Yellow Bird: Oil, Murder, and a Woman's Search for Justice in Indian Country (Chapter 18: What They Say We Loved)

THE BOOM WAS OVER. IN the early months of 2016, the price of oil still did not rise above fifty dollars a barrel, and although state officials were hopeful it would, anyone I spoke to inside the industry told me the pace of development would never be what it had been before. The royalties landowners earned would grow and shrink as the price of oil rose and fell, but drillers no longer needed as many workers. Most wells were drilled, and companies had become efficient in their hiring. Booms, I learned, are inherently wasteful. They come to an end, in part, because companies catch up to them—learn to do more with less.

That winter, I noticed that a man camp on the outskirts of Parshall, the town where I often stayed, had vanished. Before, there had been hundreds of trailers. Now there were fewer than a dozen, and they appeared abandoned.

“Where did they go?” I asked Ed Hall, the elderly man I had met five years earlier on my first visit to the reservation.

“Home,” he replied.


Some nights later, Ed called me. Had I seen the evening news? A junkyard to the north of the reservation was collecting trailers and feeding them into a crusher. I went to my computer and found the video. The trailers looked brittle. They broke like eggs.

One spring, Ed invited me to see the old Congregational church that had been carried up from the bottomlands. It had a new fence, for which he had raised the money. On a Friday evening before sunset, I walked to Ed’s house and rode with him to the church.

He was dressed in jeans and a blue nylon jacket. Merle Haggard was playing on the radio. We passed Lucky Mound Creek, where Ed’s mother taught school before the flood, and wheat fields, and a few trees. I asked Ed to tell me the story of the bones, again—of how he dug them up from the bottomlands and reburied them in the new churchyard. “I had to do it to eat,” he said. “There weren’t too many jobs those days.” He did not seem to want to talk about it, and changed the subject.

“The pheasants are getting thick. We’ll have a good crop this year,” he said, and indeed, the birds were rising from the sloughs, skidding along the sides of the road. When we came to the church, I followed Ed through a gate and up stone steps that had pulled away from the foundation. It was quiet inside, except for the wind. A heart had been painted on some plywood boarding a window, and by the door was an alcove where a rope once hung to ring a bell.

“Did you ever ring it?” I asked Ed.

“Oh, lots of times,” he said, and reached with his hand to pull the invisible rope.

Outside, the sky was thick with clouds. A meadowlark sang. Wind combed the grass. We wandered the graves, of which ground squirrels had made a mess, causing Ed to curse. The cemetery was scattered with colorful objects—crosses and cigarette butts, ball caps and undrunk Coca-Colas. There were pocketknives, their blades snapped. A snow globe. Flowers tipped and blown from the graves, gathered against the masonry of the church.

I did not touch the objects. I thought of what Lissa told me about the way spirits moved from hand to object, object to lips, skin to skin, skin to bone.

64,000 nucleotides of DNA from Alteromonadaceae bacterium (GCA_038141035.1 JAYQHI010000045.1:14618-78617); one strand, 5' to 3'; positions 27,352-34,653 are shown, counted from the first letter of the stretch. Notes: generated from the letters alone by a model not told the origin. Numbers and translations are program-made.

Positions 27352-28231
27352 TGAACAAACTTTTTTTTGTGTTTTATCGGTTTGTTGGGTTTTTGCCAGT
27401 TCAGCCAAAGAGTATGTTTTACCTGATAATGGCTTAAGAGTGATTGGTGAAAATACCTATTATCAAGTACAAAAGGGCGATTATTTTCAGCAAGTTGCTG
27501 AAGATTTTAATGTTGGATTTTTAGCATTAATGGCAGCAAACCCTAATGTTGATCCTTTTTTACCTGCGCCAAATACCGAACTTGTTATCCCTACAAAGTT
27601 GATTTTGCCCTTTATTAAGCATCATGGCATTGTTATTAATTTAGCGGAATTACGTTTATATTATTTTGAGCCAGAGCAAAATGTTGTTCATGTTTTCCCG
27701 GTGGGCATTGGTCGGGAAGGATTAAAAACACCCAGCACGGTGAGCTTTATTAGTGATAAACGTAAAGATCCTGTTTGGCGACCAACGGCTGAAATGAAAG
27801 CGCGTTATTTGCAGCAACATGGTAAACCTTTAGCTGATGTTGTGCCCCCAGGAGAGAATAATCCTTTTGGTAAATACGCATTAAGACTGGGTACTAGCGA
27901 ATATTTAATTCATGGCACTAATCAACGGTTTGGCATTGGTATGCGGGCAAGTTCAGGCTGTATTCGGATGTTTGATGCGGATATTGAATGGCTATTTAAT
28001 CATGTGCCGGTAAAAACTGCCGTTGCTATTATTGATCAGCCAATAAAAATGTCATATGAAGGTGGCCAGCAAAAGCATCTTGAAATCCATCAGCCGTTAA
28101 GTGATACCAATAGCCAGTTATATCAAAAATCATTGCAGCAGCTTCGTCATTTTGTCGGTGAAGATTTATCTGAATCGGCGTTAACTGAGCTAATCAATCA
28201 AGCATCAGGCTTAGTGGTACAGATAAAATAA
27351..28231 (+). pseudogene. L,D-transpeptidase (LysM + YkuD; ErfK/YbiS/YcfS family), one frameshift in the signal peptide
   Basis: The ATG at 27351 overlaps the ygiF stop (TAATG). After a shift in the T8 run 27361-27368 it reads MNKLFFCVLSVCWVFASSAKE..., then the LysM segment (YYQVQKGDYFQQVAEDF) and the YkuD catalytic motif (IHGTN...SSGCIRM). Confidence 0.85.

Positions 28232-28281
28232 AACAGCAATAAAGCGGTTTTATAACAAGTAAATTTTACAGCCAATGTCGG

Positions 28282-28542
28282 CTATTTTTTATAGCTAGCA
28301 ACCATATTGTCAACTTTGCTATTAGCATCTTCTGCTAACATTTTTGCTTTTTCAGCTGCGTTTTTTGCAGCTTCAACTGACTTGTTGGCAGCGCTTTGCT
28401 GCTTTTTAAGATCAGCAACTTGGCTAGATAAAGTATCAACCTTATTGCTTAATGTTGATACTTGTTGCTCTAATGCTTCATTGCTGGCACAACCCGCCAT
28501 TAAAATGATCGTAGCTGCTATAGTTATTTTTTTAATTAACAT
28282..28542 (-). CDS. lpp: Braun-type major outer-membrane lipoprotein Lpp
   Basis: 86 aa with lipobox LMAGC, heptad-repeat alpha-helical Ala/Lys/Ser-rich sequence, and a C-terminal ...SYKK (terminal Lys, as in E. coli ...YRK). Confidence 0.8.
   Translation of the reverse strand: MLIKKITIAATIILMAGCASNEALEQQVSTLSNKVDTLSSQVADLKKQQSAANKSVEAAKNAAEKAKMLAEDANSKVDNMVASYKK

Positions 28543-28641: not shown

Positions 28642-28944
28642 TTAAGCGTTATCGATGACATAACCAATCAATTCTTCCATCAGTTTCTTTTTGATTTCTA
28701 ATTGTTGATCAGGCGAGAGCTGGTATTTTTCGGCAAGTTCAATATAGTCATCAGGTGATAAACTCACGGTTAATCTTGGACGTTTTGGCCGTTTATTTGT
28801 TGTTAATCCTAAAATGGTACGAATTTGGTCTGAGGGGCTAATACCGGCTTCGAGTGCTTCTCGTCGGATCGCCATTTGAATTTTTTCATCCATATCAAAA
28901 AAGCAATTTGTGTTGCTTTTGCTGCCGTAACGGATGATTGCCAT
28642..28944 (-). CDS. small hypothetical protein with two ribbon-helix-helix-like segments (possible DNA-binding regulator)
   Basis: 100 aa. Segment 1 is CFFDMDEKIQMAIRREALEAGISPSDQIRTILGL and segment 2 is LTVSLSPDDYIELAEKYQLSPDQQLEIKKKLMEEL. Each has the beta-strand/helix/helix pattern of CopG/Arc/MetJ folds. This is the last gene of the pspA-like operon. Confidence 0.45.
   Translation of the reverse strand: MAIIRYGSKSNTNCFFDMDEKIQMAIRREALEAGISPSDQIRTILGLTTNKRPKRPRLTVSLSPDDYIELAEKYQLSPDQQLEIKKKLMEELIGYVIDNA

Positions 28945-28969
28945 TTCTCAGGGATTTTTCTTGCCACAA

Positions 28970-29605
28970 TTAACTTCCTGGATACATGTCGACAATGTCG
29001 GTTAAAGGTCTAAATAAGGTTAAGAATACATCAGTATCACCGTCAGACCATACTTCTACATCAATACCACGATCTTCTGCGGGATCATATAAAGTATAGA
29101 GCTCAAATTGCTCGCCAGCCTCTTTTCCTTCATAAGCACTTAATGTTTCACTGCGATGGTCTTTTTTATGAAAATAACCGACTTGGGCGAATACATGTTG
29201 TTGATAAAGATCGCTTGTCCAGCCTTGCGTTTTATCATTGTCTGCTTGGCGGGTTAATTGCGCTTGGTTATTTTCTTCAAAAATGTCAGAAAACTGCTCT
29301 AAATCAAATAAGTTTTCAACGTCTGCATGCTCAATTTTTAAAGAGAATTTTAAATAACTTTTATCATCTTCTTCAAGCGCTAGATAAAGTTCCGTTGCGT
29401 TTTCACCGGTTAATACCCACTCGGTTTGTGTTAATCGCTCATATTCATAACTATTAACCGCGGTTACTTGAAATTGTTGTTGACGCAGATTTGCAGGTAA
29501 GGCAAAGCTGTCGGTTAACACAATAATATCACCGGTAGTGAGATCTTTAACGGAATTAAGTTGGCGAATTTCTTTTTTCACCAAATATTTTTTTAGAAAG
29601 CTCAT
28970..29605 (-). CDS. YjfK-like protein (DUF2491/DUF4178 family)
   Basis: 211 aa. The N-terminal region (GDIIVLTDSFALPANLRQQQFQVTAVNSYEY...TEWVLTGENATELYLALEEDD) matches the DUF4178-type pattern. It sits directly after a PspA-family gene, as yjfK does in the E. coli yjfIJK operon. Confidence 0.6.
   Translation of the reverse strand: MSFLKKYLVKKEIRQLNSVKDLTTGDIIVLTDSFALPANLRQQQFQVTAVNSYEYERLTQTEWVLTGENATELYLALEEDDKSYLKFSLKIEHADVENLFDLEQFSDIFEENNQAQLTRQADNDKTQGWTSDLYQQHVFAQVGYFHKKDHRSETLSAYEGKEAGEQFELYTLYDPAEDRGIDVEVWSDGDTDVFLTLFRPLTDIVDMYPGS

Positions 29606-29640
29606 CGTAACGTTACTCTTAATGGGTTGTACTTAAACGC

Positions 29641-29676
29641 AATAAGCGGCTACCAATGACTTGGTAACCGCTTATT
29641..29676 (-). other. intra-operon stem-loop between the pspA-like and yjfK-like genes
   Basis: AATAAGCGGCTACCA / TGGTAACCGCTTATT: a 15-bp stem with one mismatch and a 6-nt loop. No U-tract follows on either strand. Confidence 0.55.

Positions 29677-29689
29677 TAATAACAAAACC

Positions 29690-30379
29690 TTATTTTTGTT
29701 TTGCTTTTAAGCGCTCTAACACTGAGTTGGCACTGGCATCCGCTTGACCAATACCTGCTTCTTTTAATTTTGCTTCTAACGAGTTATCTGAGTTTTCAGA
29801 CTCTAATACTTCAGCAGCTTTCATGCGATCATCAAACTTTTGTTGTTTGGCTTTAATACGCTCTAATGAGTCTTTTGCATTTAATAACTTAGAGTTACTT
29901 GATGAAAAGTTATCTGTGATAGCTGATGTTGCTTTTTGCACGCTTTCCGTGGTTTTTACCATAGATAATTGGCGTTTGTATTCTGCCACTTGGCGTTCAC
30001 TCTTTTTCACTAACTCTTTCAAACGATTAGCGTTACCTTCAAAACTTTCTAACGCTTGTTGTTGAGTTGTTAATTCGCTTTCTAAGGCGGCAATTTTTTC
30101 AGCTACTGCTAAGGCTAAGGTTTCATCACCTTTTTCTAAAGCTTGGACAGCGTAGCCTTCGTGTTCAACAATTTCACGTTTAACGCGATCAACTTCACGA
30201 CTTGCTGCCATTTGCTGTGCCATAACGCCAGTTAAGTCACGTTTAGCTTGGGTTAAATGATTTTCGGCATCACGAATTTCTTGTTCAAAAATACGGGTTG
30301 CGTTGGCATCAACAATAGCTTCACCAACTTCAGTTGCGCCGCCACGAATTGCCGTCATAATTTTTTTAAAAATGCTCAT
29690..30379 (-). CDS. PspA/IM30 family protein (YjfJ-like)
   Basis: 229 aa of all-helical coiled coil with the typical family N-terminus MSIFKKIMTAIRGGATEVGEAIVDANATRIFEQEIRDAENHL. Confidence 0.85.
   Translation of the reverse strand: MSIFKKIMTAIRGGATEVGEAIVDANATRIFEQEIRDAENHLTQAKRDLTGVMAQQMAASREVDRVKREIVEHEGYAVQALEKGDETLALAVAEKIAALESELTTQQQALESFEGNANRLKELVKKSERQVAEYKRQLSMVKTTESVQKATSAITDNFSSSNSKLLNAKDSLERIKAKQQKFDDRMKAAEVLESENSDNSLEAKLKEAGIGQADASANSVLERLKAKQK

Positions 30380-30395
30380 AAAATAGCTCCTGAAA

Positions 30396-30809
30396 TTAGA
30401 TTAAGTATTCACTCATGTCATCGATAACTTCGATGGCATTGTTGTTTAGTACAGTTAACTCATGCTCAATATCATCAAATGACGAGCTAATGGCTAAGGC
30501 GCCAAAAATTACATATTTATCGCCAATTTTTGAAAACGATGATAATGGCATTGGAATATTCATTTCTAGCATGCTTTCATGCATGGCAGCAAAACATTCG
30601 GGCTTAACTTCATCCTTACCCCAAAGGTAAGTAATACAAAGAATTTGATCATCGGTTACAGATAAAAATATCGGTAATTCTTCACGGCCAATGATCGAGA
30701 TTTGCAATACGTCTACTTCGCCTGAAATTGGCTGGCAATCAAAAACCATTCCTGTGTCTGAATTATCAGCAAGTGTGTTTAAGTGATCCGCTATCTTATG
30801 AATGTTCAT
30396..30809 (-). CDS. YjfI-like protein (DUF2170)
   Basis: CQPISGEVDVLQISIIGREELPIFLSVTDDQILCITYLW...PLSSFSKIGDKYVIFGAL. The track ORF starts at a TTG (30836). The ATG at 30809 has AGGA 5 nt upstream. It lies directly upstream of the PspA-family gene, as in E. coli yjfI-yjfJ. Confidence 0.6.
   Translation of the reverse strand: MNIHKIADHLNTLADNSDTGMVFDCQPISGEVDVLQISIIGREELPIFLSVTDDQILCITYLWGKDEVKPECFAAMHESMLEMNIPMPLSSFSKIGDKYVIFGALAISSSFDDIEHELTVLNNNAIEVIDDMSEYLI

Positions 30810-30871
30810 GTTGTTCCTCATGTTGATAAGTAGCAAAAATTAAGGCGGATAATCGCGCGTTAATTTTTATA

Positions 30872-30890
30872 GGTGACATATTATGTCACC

A car passed, fast and carelessly. Ed was waiting for me at the gate. He let me through, latched it, and for a moment, we studied the new fence. It looked nice, I thought, and I told him so. Then we returned to the car.

That was when I asked about Lissa, whom Ed had raised until her mother took her back.

“Who, Lisa? Lisa Yellow Bird? Oh, she was a real cuddly little girl. She always wanted to be held, and so I held her.” Ed smiled, a look of love. That was all he said.


IN JANUARY 2017, the new president signed an executive order instructing the Army Corps of Engineers to grant the easements to build the Dakota Access Pipeline across the Missouri River. Two weeks later, the Corps did so, and the Standing Rock encampment was disbanded. Lissa resumed her search for KC. More than a year had passed since she last had spoken to Jill. “Every family handles their missing a different kind of way,” she told me. “Some families, it seems, have totally accepted the fact that they’re not going to find their loved one. It’s like they almost find more peace in knowing that we’re out there, looking. Even though they don’t come anymore. Not that they don’t care. It’s that they had to move on. It was taking away from their living. Where, for me, I don’t feel it’s taking away anything. It’s a part of my life. I’m okay with what I do, and I think my friends and family have pretty much accepted this. She’s always been that way.”

By now her searching had taken on an even more personal meaning. In August 2016, her own relative had disappeared—Chucky’s daughter, Carla Yellow Bird. Carla had been gone for two weeks when Lissa heard her family mention it. Carla was two decades younger than Lissa, who knew her as “a real giddy girl, one of those weirdo kids. She had a lot of confidence, and she pulled it off.” Carla, Lissa said, was “the kind of girl who would come in and wouldn’t even introduce herself. She’d find a phone, jam it in, play music when you’re trying to talk. Then she’d go, ‘Oh, hi, I’m Carla.’ She’d be in the kitchen dancing to this song, turning it up even more. Then she’d whiz out the door, and you’d be like, ‘Thank God.’ ”